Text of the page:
Run a knife over the greens, to coarsely chop. Add them to potatoes and toss gently so as not to bruise the delicate greens. At this point, I re-season with a judicious sprinkle of salt.

Gently toss in the chopped fenugreek leaves

Cover and continue to steam-cook on low heat for a few minutes. They should look heavenly when done!

Heavenly fenugreek and potatoes

At this point, I toss in the cubed tomatoes, squeeze some fresh lemon juice and half a teaspoon of sugar. This balances out the mildly bitter flavor to perfection. You could add chilli powder, but I know that I am pushing it with my 13 year old’s finicky taste buds, so I choose to be prudent.

There you have it: Alu Methi– a simple but flavorful combination, perfect alongside some Indian bread (naan) or pita. A little bit of bitter makes it better. An analogy for life.

Alu Methi

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10 Responses to Bitter is Better: Fabulous Fenugreek Leaves

  1. Peying Fong says:

    This looks divine!
    Looks like you just snuck those tomatoes in at the very last. The red does give a festive touch indeed.
    Re: a bit of bitter makes it better. The trick is finding the perfect mix of sourness (!) and sweetness to balance it out, eh?

  2. I adore bitter greens (grew and consumed about 20 large heads of escarole this past December and January) and will keep an eye out for Fenugreek leaves (heard of them but did not know they were bitter, yum.) Lovely recipe and equally lovely kitchen counter!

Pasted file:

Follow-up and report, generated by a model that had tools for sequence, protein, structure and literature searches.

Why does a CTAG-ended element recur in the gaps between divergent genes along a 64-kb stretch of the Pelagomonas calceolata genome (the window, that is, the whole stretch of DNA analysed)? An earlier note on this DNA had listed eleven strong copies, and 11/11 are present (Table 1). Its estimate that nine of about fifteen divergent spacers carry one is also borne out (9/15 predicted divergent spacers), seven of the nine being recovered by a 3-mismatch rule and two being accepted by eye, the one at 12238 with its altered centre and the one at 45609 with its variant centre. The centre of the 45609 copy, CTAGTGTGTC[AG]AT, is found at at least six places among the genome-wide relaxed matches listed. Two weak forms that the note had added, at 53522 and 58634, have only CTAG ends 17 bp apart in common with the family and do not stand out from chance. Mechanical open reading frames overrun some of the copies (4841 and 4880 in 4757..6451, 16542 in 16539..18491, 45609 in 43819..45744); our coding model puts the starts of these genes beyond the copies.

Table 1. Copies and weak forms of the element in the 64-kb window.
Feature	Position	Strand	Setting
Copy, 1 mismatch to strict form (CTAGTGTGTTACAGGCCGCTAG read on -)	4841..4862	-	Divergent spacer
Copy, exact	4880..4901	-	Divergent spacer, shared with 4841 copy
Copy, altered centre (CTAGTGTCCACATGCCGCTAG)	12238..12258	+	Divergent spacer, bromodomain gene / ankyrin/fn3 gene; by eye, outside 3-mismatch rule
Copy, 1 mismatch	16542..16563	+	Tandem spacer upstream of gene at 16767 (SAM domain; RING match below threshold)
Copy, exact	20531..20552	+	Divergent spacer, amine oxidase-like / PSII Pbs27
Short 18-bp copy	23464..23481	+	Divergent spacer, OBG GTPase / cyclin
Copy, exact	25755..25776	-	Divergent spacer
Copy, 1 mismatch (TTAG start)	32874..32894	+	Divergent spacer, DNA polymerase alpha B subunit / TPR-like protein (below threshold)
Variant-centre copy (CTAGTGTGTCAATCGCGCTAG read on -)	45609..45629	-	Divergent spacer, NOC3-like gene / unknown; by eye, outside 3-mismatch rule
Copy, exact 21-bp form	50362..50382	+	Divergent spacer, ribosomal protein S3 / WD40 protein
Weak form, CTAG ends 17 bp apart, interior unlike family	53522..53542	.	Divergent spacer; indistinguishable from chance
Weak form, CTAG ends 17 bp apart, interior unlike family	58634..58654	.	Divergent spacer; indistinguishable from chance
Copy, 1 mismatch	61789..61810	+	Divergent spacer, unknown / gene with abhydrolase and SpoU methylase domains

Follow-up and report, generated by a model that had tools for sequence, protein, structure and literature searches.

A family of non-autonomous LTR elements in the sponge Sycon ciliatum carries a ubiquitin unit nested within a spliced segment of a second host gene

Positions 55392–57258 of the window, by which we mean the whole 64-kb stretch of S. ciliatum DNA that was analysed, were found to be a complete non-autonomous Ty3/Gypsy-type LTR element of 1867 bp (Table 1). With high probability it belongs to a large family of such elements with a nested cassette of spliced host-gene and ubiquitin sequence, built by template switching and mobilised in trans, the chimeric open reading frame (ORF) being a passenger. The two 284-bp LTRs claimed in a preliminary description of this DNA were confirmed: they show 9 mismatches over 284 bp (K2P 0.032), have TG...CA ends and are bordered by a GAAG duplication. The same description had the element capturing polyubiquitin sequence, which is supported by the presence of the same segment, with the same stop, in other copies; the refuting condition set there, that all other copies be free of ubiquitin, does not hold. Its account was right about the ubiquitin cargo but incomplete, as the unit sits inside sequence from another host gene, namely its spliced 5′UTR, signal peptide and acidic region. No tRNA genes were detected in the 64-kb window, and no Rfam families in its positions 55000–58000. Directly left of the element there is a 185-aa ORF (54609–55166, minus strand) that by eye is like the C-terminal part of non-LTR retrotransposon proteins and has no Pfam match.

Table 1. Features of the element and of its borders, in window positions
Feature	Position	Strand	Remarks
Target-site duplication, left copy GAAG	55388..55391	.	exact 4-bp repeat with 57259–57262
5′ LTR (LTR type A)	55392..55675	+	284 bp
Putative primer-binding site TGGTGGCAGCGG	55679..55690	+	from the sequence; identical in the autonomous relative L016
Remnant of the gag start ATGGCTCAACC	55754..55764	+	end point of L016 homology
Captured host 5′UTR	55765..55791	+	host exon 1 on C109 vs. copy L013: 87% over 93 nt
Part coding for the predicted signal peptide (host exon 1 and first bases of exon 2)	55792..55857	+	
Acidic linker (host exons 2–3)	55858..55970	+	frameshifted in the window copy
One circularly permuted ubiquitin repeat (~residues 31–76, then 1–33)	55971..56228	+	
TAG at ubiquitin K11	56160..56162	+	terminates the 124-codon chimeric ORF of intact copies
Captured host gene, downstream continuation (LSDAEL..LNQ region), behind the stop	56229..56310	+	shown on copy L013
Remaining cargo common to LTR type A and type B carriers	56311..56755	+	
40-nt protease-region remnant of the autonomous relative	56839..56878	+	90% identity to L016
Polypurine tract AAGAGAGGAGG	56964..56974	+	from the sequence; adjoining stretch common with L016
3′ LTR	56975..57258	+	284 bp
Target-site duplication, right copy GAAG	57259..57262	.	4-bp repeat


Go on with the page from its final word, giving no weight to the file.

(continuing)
• I have not really had much escarole, Michelle. Let me know if you have a favorite way to cook them. I’m going to give them a try!

      • A basic approach to cooking escarole is to carefully wash the often gritty leaves (I use at least 3 changes of water since mine is home-grown), chop them up, saute them in extra virgin olive oil along with ‘tons’ (per personal preference of course) of slivered garlic and red pepper flakes till tender. With a dusting of fleur de sel, I scoff them down often just that way, but this recipe can also be used as a foundation for escarole calzone (can add black olives, Parmesan, etc.) and for crustless quiche or as an addition to bean/minestrone soups.

        Escarole itself is a winter crop and I was able to continuously harvest starting the beginning of December to the end of January (did tuck them under horticultural fleece though).

      • On my shopping list for this weekend, Michelle. Thanks!

  3. Marc Ponomareff says:

    Thanks, Rajini! This was delicious (I couldn’t find fenugreek so substituted watercress and omitted sugar): the end result is a well-balanced medley of incredible flavors. Some readers may feel confused about when to add the tomatoes: I did so after browning the potatoes. & it’s true what you say about potatoes done this way: one could stop at this “home fries stage” and still have something incredibly appetizing on hand.

  4. Manisha says:

    I hear you about methi quickly becoming a soggy mess. The last two times I forgot to stand it in some water and it turned to ick very quickly. Not this time!

    Alu methi is my all-time favorite but the problem is that I like *lots* of methi in mine, which means I need 2 or more bunches of methi. That’s a fair amount of time spent pinching leaves off the stems. Which is why I rarely make it. 😦